Truly, religion is back with a vengeance on the world scene! And to those who truly understand this phenomenon, it is but a harbinger of the soon-coming replacement of all man’s religions by the one, true, most pure religion of all! (James 1:27).

TOPICS: Catholic; Islam; Religion & Culture; Religion & Politics

1 posted on 11/05/2007 8:51:20 AM PST by Alex Murphy
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To: Alex Murphy
[C]ompeting theisms are back with a vengeance, strutting the world stage in a fashion not witnessed since, yet powerfully linked to, the First Crusade, launched by Pope Urban ii on Nov. 27, 1095.

Um, I think there have been some theisms that competed pretty vigorously in the centuries since the First Crusade. For one, the subjugation of Hinduism by the Muslim Moghul Empire. For another, the wars of the Reformation and Counter-Reformation in Europe.


2 posted on 11/05/2007 9:04:28 AM PST by ccmay (Too much Law; not enough Order.)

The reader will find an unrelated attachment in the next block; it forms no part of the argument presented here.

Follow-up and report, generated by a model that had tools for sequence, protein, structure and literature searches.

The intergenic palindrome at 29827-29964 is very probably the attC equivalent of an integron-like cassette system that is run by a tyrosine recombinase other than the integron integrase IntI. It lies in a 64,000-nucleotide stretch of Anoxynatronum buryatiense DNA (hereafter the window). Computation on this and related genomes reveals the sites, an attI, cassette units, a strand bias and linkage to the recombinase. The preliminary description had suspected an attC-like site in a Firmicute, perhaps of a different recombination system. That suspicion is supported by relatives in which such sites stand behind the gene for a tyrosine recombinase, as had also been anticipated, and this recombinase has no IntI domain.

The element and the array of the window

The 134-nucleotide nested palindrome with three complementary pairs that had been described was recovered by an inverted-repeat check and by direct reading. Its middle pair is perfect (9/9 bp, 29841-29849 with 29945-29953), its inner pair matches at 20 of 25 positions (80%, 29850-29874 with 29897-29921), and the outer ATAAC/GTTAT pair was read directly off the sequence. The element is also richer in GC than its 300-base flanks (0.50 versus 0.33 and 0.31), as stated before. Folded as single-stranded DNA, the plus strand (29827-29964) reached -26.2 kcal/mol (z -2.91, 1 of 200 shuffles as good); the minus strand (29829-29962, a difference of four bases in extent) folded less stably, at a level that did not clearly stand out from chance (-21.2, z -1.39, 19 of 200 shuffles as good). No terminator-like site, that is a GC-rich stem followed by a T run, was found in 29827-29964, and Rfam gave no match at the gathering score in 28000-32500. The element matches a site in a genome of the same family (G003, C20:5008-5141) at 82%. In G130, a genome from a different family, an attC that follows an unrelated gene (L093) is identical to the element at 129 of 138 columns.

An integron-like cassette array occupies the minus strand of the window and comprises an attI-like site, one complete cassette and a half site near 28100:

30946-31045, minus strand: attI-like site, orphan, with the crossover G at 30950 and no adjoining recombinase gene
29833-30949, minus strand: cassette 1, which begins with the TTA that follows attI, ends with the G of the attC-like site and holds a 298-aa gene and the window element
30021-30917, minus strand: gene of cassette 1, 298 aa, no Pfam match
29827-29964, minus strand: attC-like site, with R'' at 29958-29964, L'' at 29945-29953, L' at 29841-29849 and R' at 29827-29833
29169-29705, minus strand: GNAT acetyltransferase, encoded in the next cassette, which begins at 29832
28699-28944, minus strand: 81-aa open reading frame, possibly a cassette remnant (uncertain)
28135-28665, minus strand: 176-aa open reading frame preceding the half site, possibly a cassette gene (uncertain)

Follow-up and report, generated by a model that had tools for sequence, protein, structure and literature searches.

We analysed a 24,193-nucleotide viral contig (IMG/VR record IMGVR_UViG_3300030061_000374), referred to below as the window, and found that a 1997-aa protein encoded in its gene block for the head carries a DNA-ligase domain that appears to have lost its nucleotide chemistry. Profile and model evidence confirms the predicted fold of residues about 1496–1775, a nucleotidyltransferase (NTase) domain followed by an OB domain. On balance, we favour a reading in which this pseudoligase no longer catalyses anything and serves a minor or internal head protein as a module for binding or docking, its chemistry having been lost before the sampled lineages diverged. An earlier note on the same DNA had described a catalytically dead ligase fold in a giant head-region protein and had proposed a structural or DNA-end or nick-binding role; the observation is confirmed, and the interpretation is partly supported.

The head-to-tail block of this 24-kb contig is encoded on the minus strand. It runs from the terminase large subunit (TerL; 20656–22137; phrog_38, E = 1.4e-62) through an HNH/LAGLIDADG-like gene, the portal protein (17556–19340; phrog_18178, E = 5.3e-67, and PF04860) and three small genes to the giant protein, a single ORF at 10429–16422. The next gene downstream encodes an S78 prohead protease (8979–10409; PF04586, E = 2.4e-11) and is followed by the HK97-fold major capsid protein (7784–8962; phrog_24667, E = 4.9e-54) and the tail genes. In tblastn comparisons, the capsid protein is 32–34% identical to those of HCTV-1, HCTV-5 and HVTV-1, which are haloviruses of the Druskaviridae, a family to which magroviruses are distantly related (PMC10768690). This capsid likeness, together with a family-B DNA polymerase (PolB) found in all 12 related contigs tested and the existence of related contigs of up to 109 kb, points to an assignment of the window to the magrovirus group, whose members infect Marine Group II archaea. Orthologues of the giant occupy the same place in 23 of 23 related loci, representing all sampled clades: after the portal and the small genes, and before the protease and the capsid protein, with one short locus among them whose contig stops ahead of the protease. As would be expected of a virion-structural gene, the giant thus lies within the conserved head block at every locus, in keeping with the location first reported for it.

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To: Alex Murphy
It’s about time we sat up and truly listened to the rhetoric of Rome. Increasingly, it carries an unrelenting political edge. It’s an edge that history has witnessed before, the edge of the crusading sword, most recently seen in the Balkan wars, and honing itself right now for a future whirlwind reaction to the major thorn in its side, pan-Islamism.

What a frickn' loon!

This clown sounds like somebody so enamored of his own rhetorical talents he thinks he can convince his reader the e-vil police officer is just spoiling for the opportunity to draw and fire on the innocent mugger.

3 posted on 11/05/2007 9:22:51 AM PST by papertyger (changing words quickly metastasizes into changing facts -- Ann Coulter)
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To: Alex Murphy

Scratching my head about the verse cited in the article...

Religion that God our Father accepts as pure and faultless is this: to look after orphans and widows in their distress and to keep oneself from being polluted by the world. - James 1:27

4 posted on 11/05/2007 10:25:01 AM PST by GoLightly
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To: papertyger
What a frickn' loon!

I agree, specially since the "Balkan wars" cited as a crusade crushed Christians in favor of Muslims.

5 posted on 11/05/2007 10:27:37 AM PST by GoLightly
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To: Alex Murphy


6 posted on 11/05/2007 3:25:36 PM PST by Kevmo (We should withdraw from Iraq — via Tehran. And Duncan Hunter is just the man to get that job done.)